Speaking yesterday, Richard Branson said that while he was “thrilled” that Virgin had finally been allowed to expand services to Edinburgh and Aberdeen, he was unhappy that they had been prevented from operating out of Glasgow.
“I would love to be flying to Glasgow as well, but for some bizarre reason the competition authorities, who bequeathed us these slots, didn’t allow us to have the slots to compete with British airways out of Glasgow,” he said.
After reporting losses of up to £135 million ($212 million) over the past two years, Richard Branson and Virgin Atlantic’s new Chief Executive, Craig Kreeger, said that the new domestic service was just one part of the company’s plans to push its finances back into the black.
And despite his brazen publicity stunt, Richard Branson was insistent that he would remain on neutral ground over the question of Scottish Independence.
“If Scotland becomes independent they will have an airline that will be delighted to connect them to their neighboring country and if it stays part of Great Britain, we will be equally delighted to have Scottish people use our services to take visits down to little old England,” said Richard Branson.
Either way, Virgin will stay independent of this particular debate.”
Delta Air Lines has agreed a deal to buy Singapore Airlines’ 49% stake in Virgin Atlantic for $360 million.
Virgin Group and Sir Richard Branson will retain a 51% shareholding, and the Virgin brand will remain in place, the new partners said in a joint statement.
The deal is subject to regulatory approval in the US and Europe.
It follows a spat between Sir Richard Branson and Willie Walsh, boss of BA-owner International Airlines Group over the future of Virgin Atlantic.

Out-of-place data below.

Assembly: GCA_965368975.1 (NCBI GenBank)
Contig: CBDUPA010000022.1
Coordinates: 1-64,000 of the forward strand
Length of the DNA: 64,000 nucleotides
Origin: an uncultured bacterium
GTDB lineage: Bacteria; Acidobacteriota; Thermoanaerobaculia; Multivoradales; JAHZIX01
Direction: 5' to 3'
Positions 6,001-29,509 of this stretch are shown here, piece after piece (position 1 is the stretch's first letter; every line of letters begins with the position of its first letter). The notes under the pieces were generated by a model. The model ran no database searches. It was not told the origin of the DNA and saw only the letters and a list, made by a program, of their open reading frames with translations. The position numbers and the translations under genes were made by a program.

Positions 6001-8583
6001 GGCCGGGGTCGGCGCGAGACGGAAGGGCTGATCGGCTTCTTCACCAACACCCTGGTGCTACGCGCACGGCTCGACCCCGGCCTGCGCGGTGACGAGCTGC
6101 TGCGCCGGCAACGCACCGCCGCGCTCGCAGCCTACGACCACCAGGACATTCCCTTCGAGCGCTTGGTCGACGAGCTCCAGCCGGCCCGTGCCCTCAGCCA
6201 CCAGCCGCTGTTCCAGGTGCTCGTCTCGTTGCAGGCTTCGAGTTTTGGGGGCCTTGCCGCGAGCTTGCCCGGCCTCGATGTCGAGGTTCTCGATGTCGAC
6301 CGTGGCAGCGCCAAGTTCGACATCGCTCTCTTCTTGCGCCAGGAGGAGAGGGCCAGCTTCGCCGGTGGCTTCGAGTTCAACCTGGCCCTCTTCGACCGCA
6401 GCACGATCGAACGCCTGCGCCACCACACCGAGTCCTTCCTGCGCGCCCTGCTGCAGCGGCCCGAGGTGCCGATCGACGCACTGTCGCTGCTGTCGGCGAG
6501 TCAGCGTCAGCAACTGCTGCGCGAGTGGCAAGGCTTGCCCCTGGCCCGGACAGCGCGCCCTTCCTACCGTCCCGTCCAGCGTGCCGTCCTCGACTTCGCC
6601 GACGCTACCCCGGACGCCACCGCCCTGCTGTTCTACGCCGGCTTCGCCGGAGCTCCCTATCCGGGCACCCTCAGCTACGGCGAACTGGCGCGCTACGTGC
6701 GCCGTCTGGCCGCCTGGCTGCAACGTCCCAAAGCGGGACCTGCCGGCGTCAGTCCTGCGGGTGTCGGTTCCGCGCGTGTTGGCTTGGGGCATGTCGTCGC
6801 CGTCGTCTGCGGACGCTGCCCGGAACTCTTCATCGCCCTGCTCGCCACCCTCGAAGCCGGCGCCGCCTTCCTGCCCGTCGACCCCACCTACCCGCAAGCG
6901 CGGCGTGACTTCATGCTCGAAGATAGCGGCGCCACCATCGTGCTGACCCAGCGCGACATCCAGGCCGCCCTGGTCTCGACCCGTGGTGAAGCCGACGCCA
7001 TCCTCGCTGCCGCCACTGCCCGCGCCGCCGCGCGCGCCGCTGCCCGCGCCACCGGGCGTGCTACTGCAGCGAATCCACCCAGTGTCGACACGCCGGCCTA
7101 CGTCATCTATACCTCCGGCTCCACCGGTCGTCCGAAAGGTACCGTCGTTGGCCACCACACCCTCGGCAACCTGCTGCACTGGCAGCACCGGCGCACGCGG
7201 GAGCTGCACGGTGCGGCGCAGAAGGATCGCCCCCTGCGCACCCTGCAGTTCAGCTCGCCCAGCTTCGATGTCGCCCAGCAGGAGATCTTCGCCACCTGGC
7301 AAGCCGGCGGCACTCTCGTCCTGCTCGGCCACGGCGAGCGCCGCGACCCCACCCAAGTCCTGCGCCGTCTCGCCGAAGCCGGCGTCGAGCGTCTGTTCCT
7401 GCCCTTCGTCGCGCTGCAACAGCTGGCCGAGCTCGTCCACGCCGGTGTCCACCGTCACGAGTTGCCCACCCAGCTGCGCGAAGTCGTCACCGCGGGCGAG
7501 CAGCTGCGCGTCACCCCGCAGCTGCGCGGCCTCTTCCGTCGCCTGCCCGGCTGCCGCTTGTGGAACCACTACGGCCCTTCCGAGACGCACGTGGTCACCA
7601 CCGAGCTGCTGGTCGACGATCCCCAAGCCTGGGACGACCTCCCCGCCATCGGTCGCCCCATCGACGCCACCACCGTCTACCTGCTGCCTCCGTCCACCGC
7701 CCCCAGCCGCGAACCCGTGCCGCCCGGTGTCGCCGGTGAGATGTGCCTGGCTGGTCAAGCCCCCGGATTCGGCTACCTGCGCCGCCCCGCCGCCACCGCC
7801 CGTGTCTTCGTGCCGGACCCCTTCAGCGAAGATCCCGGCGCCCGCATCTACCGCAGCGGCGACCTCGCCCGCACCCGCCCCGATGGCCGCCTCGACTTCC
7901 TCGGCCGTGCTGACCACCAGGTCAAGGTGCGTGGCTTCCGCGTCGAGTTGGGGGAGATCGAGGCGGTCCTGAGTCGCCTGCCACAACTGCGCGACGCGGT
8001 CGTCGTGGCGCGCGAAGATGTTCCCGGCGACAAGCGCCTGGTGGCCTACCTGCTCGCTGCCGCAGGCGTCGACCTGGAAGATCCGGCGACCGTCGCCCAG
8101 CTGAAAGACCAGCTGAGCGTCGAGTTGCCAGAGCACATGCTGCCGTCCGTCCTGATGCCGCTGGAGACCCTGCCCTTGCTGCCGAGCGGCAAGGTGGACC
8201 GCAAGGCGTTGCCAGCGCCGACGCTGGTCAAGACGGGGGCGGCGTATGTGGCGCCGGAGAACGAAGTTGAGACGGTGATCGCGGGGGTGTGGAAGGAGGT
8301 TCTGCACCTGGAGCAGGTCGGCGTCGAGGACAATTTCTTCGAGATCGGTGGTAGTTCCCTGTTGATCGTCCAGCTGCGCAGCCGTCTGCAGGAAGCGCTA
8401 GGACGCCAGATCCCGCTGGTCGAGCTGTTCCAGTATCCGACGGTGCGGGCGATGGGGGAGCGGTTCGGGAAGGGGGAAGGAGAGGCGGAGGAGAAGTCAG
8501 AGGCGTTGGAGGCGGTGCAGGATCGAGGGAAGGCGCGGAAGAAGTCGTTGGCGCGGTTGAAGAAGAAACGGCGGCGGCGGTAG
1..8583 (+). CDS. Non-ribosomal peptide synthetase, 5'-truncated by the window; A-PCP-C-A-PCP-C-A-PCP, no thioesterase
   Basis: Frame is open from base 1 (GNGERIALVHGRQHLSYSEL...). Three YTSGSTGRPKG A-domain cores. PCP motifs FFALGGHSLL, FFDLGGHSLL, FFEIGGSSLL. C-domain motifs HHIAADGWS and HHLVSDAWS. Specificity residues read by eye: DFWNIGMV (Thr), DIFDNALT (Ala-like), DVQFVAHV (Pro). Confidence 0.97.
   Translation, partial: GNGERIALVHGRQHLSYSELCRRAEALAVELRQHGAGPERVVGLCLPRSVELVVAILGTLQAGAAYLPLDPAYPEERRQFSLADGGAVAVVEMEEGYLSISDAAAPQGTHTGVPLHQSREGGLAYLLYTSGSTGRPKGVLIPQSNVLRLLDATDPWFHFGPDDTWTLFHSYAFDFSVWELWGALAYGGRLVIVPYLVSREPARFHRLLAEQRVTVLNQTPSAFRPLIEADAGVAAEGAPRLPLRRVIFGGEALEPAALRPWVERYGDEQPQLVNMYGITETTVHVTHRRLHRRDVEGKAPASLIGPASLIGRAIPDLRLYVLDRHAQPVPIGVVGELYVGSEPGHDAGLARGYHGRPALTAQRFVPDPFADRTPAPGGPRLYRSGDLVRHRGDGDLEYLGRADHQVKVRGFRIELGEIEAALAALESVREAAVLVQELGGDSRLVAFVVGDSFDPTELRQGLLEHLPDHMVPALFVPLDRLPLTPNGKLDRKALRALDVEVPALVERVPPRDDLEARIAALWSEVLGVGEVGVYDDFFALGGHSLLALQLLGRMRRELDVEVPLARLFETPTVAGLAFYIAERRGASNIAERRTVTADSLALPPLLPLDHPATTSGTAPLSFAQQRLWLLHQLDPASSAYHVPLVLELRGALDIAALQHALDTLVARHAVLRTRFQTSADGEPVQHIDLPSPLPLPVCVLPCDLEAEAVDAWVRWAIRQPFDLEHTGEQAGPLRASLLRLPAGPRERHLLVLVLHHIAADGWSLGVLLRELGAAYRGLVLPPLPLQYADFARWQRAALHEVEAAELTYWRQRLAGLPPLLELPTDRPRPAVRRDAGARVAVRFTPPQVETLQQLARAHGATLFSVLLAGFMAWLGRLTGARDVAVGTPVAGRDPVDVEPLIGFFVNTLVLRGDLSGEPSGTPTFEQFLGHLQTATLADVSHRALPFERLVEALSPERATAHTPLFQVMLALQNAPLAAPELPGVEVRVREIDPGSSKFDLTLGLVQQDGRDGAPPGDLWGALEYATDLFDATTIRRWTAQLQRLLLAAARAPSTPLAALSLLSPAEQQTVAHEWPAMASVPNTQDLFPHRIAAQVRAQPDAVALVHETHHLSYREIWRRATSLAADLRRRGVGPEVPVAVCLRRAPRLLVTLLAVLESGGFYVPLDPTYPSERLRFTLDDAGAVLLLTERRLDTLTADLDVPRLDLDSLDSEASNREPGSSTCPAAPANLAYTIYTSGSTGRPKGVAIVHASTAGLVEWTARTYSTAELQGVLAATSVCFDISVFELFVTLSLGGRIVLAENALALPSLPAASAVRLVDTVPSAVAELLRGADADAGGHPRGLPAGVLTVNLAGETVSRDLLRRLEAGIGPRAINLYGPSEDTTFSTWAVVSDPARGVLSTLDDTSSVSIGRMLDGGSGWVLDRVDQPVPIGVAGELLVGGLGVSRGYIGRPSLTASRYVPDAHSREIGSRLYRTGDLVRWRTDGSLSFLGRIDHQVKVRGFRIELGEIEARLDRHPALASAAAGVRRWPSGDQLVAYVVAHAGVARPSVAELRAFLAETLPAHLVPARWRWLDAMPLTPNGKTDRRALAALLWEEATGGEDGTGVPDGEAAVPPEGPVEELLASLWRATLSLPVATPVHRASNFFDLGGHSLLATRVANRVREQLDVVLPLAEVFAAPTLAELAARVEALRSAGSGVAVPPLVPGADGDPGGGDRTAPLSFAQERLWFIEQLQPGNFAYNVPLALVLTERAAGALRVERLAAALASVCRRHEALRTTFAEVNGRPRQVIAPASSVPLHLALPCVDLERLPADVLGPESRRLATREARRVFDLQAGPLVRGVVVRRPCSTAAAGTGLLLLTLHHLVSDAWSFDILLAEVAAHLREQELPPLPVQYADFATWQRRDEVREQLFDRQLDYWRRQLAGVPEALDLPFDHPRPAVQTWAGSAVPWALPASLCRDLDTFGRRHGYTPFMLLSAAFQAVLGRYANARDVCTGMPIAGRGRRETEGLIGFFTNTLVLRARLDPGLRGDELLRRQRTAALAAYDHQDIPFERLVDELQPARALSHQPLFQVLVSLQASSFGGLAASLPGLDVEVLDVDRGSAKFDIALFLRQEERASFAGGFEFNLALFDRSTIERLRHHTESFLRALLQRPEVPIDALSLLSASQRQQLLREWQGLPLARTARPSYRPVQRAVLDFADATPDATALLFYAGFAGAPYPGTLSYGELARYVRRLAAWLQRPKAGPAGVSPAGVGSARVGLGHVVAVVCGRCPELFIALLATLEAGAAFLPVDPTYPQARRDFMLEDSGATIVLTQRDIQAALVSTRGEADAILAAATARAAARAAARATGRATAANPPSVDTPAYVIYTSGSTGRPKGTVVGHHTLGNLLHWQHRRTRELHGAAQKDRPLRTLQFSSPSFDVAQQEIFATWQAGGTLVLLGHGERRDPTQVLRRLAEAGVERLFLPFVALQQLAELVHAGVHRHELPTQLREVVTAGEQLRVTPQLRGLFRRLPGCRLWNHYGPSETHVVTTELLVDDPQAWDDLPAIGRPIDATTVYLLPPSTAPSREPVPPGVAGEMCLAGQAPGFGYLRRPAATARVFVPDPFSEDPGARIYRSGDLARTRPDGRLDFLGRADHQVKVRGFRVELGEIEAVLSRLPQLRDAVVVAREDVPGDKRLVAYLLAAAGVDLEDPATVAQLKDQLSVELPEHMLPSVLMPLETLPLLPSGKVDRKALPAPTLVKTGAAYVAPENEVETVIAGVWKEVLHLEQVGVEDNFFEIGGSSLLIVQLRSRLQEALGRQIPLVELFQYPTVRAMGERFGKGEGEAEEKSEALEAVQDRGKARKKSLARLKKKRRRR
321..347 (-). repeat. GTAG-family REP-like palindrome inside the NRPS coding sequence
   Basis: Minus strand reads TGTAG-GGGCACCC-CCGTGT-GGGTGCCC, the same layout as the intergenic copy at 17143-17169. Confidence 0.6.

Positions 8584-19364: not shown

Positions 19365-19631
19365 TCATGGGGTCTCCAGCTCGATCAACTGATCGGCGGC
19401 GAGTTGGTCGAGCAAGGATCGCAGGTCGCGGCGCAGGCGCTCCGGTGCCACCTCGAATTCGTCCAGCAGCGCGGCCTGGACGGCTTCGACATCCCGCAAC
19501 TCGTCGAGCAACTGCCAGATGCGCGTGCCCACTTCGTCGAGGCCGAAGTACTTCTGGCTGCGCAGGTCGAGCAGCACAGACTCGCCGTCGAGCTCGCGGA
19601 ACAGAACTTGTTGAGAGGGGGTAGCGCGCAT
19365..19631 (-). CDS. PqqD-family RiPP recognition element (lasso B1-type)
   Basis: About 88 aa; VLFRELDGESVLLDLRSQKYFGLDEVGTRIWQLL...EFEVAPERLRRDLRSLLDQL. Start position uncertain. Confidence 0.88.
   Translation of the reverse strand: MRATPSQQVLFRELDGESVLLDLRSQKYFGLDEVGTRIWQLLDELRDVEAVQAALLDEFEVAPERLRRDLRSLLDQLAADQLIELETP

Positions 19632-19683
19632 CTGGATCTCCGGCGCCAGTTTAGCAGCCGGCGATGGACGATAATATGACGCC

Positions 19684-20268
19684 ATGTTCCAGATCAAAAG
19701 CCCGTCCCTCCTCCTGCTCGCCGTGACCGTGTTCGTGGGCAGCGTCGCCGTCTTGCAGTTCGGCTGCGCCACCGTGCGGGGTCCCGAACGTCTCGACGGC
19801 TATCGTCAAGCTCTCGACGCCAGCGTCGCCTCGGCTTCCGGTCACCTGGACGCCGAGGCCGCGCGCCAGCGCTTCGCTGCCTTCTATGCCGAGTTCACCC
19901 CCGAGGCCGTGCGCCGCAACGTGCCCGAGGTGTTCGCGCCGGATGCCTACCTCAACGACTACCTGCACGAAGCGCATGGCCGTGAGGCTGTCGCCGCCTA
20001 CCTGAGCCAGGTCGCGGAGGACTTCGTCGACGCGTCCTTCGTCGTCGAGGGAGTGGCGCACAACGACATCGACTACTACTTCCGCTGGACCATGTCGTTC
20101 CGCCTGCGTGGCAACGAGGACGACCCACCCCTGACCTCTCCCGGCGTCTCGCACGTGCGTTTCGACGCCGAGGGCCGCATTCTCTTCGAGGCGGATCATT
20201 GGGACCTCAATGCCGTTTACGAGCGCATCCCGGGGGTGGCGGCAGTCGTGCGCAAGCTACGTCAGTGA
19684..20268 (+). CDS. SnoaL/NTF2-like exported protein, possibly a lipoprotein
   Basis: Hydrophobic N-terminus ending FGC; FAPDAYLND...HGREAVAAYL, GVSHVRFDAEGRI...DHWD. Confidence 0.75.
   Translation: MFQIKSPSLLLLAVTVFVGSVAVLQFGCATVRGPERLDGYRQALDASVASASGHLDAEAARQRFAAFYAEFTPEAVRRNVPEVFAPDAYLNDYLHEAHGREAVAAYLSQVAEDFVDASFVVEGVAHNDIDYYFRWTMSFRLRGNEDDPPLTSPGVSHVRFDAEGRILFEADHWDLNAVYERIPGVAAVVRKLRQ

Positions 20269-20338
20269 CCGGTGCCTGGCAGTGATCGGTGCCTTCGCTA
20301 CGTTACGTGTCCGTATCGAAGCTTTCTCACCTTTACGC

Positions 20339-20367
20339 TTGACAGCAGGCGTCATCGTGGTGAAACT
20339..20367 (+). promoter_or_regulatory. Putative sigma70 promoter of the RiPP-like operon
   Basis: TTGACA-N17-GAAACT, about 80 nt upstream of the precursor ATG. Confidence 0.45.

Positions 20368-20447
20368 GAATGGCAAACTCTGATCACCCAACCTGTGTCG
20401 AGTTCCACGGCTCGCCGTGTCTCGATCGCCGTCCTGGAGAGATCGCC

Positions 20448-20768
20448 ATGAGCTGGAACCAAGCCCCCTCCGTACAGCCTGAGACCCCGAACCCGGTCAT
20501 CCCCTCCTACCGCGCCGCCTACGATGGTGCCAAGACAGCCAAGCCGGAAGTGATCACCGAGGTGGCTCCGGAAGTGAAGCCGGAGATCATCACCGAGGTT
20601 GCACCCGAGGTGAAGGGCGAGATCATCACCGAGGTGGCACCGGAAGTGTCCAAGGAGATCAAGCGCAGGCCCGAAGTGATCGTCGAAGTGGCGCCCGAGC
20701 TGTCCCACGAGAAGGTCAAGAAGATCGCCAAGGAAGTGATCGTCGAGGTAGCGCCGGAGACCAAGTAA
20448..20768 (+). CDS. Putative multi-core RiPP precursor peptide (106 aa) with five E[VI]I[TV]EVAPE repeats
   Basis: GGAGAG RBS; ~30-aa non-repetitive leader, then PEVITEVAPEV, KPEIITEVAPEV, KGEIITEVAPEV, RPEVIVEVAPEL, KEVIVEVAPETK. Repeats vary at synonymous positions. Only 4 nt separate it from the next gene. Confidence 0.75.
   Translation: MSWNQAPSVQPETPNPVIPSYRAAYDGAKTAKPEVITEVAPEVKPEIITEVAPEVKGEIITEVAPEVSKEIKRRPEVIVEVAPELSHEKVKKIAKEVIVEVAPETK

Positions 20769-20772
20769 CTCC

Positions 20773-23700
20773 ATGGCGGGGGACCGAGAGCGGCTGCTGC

Earlier, Willie Walsh offered to wager a “knee in the groin” in a bet with Sir Richard Branson over whether the Virgin brand would still be around in five years.
He was responding to a £1 million ($1.5 million) bet offered by Sir Richard Branson on Monday.
Delta Air Lines has agreed a deal to buy Singapore Airlines’ 49 percent stake in Virgin Atlantic for $360 million
Virgin and Delta said the deal would allow them to “overcome slot constraints” and offer more flights from Heathrow.
The carriers will operate 31 peak-day round trips between the UK and North America.
“Our new partnership with Virgin Atlantic will strengthen both airlines and provide a more effective competitor between North America and the UK, particularly on the New York-London route,” said Delta boss Richard Anderson.
Sir Richard Branson said it was an “exciting day” in Virgin’s history.
“It signals the start of a new era of expansion, financial growth and many opportunities for our customers and our business.”
Singapore Airlines is selling its stake, which it has owned since 1999, because of increased competition in its local market.
airlines in particular have mushroomed, threatening more traditional carriers like Singapore Airlines.
Singapore Airlines has itself launched a low-cost carrier, called Scoot, and has been putting money into its regional service, SilkAir.
Katherine Goldberg, a teacher from Ealing, west London, who groped a Virgin Atlantic steward and demanded sex while drunk on the plane, has avoided a jail sentence today.
Katherine Goldberg, 25, drank around a pint of whisky on board before apparently grabbing the cabin crew member’s crotch.
In mitigation, Isleworth Crown Court was told that South African-born Katherine Goldberg was convinced that the man was her boyfriend as a result of her “alcohol-induced illusion”.
Katherine Goldberg, who groped a Virgin Atlantic steward and demanded sex while drunk on the plane, has avoided a jail sentence today
Katherine Goldberg, who pleaded guilty at a previous hearing to sexual assault and being drunk on an aircraft, was on board a night flight from Johannesburg to Heathrow on August 24 at the time of the episode.
But a judge today said he did not want to impose a “lifetime punishment” on the teacher, who had been working at her mother Debbie’s Montessori nursery, St Michael’s, Barnes, South-West London.
The teacher has been suspended since the sex assault and her lawyers claimed she was liable to be struck off if she was jailed or placed on the sex offenders’ register.